Today, March 25, is “Maryland Day” around these parts. We in St. Mary’s County uphold our role as the birthplace of the colony; for some among us, it’s important as the birthplace of Catholicism in America (just as it was back in the 17th century Episcopalians are vastly outnumbered by Roman Catholics down here); for still others, this place shimmers with the bright and not uncontroversial origin of a new thing in a new land: religious toleration, if only, given the obvious limitations of that founding century, freedom of worship specifically for Trinitarian Christians.
This is a pretty special day celebrating a pretty special place. Mary’s Land is a unique contribution to the American experience, and it’s well worth the time to pause and consider what implications the ideas that led to this colony’s founding had on the development of the rights and privileges we enjoy — some may say, ‘take for granted’ — today.
Maryland is rather unique in being, first, the only proprietary Roman Catholic colony among the original 13 American colonies (as well as the third settled), but also the first to enact religious toleration among Trinitarian Christians (be they Roman Catholic, Anglican, or Protestant “dissenter”) in the Maryland Toleration Act (“An Act Concerning Religion”) of 1649, just 25 years after the Founding:
The Toleration Act, passed on April 24, 1649, granted religious freedom to all who believed in the Trinity and that Jesus was the son of God: “… no person or persons whatever within this Province, or the islands, ports, harbors, creeks, or havens belonging to it, who professes to believe in Jesus Christ, shall from henceforth be any way troubled, harassed or embarrassed for … his or her religion …” [language modernized]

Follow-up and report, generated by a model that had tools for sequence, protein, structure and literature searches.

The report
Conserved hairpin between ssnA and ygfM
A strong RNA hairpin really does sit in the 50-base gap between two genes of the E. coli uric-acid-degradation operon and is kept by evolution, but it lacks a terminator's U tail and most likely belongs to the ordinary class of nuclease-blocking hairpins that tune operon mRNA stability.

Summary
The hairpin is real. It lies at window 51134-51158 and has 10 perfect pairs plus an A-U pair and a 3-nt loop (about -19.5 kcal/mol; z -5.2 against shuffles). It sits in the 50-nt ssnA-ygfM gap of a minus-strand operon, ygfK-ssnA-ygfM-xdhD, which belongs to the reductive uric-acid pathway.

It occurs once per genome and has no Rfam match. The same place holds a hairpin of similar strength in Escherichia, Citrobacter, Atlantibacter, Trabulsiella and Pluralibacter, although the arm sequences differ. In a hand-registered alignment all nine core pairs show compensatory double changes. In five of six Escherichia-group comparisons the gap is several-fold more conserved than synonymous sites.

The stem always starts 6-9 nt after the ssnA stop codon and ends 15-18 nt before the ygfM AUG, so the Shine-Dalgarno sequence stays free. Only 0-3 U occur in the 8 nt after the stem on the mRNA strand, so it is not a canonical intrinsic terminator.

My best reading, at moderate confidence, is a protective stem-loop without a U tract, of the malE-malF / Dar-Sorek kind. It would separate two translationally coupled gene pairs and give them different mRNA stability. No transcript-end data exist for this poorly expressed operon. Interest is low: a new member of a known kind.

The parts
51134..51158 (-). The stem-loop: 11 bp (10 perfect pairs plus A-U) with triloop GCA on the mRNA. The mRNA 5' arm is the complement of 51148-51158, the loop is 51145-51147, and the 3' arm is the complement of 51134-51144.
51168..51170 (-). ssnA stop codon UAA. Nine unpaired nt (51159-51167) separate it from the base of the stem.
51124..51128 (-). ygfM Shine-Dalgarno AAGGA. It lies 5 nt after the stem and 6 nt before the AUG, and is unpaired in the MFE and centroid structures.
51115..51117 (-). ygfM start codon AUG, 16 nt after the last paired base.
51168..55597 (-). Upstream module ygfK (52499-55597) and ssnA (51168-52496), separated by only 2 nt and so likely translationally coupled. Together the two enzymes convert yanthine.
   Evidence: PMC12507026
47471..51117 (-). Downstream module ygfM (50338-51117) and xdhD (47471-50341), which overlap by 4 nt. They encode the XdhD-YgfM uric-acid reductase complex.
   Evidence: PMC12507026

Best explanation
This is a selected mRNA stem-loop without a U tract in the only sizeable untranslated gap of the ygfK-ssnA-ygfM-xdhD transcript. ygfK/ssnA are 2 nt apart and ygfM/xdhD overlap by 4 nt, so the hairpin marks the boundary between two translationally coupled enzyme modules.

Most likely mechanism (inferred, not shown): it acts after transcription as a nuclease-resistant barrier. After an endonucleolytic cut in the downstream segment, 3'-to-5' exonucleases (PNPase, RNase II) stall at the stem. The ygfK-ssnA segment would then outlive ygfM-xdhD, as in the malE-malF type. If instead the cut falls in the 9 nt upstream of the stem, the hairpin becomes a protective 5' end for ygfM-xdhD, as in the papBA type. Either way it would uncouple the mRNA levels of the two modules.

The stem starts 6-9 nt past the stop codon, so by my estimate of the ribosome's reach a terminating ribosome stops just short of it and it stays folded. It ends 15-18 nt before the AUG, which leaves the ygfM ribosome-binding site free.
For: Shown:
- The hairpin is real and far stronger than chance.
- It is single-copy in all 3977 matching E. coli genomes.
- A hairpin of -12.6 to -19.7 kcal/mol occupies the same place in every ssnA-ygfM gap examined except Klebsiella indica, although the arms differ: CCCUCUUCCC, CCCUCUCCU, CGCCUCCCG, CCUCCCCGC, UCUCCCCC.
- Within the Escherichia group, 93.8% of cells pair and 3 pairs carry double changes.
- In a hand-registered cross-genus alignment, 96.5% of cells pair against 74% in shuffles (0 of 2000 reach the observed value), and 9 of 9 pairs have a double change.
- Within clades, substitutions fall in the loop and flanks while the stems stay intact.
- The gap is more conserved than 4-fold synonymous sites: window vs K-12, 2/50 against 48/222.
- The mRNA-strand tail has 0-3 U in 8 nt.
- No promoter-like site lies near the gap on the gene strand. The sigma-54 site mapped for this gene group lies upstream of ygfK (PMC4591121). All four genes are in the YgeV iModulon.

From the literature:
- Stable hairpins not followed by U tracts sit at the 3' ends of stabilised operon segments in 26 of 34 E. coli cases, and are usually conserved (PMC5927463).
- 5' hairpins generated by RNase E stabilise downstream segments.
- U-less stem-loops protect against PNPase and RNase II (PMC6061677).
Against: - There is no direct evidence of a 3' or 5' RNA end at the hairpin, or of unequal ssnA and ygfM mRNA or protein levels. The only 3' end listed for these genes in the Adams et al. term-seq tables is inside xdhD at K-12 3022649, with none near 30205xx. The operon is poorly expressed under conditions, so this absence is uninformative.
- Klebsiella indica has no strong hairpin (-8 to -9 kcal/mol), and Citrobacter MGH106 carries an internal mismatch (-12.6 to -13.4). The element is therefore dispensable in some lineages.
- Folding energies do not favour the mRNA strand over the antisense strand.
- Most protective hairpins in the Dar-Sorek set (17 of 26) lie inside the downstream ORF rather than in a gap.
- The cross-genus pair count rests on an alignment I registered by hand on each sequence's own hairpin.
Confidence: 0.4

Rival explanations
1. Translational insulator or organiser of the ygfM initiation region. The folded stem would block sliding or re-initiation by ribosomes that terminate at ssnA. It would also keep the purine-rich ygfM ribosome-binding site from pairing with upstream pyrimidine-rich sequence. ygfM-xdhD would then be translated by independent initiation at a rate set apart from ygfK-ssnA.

In addition, the law made it a crime to jeer at other believers by calling them names such as “papist,” “heretic,” or “Puritan.” The death penalty could be meted out to anyone who denied the Trinity or reject Christ’s sonship. Those who profaned Sunday by swearing excessively, becoming drunk or working unnecessarily could be fined. Anyone who spoke against the Virgin Mary could be fined and whipped.
Today the Toleration Act seems harsh and restrictive, but in its day it offered more religious freedom for the citizens of Maryland than for those in England and most of Britain’s colonies. The Maryland Act of Toleration is an important stepping stone to the religious freedom which became such an important characteristic of the United States.
As noted above, this was at a time when religious toleration was very far from the norm! Europe was just coming out of the period known as “the Wars of Religion,” and the English Civil War was just ending: King Charles I of England, an Anglican King with (reportedly) some Roman Catholic sympathies had been executed by order of the Puritan (radical Protestant) Parliament on January 30th of that same year. So this really was “a new thing in a new land.” Just one of many reasons I am proud of my native State.
Happy Maryland Day!